We’ve faced these difficult questions as two researchers with decades of experience in rare genetic diseases. One of us is a medical geneticist whose clinical work focuses on the diagnosis and management of individuals with rare genetic disorders; the other is a neuroscientist working to determine how rare genetic diseases impact brain function and possible ways to correct them.
They are called “rare diseases,” but approximately 350 million people worldwide are living with one.
Putting ‘rare’ disease into context
Most so-called rare diseases are poorly understood and have no treatment. The National Institutes of Health has estimated that there are about 7,000 rare diseases, defined as ones affecting fewer than 200,000 Americans. Many rare diseases, however, are like NAA10-related disorders and affect only a handful of individuals.
Major advances in the precision and speed of gene sequencing technology – followed by dramatic reductions in the costs of testing – have radically changed how medical genetics clinics function. Next-generation genetic sequencing, which was so expensive just a decade ago that it was used only after all other testing options had been exhausted, is now the go-to test in most clinics.
But while sequencing can provide confirmation of a suspected, well-understood condition, it frequently results in a situation like that faced by the Smiths, where the testing result shows an incredibly rare disorder with little known about it.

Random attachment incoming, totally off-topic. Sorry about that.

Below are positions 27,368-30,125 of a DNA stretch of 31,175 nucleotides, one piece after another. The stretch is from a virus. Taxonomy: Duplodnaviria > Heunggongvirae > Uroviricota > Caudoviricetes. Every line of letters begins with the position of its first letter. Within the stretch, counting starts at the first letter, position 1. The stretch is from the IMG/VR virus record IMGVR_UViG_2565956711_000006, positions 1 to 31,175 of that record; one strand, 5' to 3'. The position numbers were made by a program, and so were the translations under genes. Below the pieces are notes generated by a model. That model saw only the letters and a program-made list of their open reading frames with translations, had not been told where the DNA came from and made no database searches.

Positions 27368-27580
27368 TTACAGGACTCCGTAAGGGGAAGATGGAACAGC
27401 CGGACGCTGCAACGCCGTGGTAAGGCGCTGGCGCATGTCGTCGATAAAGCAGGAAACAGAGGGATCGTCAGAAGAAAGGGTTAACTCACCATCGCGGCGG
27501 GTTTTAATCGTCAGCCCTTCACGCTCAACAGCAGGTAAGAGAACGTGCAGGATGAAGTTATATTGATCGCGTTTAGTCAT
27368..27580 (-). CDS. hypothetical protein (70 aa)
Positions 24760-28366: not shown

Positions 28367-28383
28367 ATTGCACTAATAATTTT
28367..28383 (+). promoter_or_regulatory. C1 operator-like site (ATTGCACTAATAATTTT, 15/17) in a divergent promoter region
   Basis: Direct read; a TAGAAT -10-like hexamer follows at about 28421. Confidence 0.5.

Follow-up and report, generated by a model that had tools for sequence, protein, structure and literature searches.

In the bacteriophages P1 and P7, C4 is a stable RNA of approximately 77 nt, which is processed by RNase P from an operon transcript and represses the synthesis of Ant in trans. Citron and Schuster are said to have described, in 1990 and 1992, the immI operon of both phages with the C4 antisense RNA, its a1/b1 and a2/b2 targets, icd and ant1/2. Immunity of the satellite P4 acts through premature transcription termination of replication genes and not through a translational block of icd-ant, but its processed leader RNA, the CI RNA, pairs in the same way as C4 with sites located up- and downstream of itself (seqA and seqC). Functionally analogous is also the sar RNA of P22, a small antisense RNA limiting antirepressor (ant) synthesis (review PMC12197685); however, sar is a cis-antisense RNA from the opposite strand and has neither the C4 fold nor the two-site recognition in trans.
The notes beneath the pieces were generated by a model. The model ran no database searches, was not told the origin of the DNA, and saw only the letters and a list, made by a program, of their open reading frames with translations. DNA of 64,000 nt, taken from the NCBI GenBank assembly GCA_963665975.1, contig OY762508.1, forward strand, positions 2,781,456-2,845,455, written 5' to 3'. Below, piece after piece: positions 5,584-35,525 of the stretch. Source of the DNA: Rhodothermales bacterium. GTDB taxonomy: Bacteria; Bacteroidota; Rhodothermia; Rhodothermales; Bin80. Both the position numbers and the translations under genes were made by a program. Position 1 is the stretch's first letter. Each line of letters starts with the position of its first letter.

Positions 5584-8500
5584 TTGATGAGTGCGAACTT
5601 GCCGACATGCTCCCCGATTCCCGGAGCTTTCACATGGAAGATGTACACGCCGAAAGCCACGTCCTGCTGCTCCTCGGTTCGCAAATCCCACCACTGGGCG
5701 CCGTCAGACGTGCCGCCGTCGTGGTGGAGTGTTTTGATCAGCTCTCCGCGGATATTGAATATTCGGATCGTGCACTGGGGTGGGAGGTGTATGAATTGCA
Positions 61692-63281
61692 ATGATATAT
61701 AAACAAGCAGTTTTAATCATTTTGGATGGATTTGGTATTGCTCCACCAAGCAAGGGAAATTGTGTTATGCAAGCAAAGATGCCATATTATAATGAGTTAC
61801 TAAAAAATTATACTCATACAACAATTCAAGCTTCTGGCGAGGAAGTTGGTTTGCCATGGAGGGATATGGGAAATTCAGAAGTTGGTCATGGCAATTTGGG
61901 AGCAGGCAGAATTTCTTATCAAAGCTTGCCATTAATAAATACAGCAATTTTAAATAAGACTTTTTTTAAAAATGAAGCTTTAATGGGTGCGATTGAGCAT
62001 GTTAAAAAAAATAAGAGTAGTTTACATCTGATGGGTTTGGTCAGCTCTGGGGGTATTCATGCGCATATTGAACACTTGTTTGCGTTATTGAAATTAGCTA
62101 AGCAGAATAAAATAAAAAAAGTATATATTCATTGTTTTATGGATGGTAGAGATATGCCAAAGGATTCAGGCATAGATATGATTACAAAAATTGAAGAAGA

Putting the puzzle pieces together
The speed and ease with which modern gene sequencing can generate a diagnosis stand in sharp contrast to the prolonged effort required to understand how the genetic variant causes disease. Humans all have the same 20,000-plus genes, which govern the traits that make us characteristically human, such as a large brain, 10 fingers and round pupils. Changes, or variants, in these genes determine our uniqueness. So while we all have genes that tell our bodies to make hair, variants in these genes can make hair that is straight or curly, brown or red. Some genetic variants, however, change the gene product so significantly that they result in disease.
Unraveling the natural history of a rare condition requires years of focused attention by clinicians and scientists. Researchers like us also work to piece together the complex puzzle of how a rare genetic difference can alter metabolic pathways in the brain, as well as other organs that might be affected.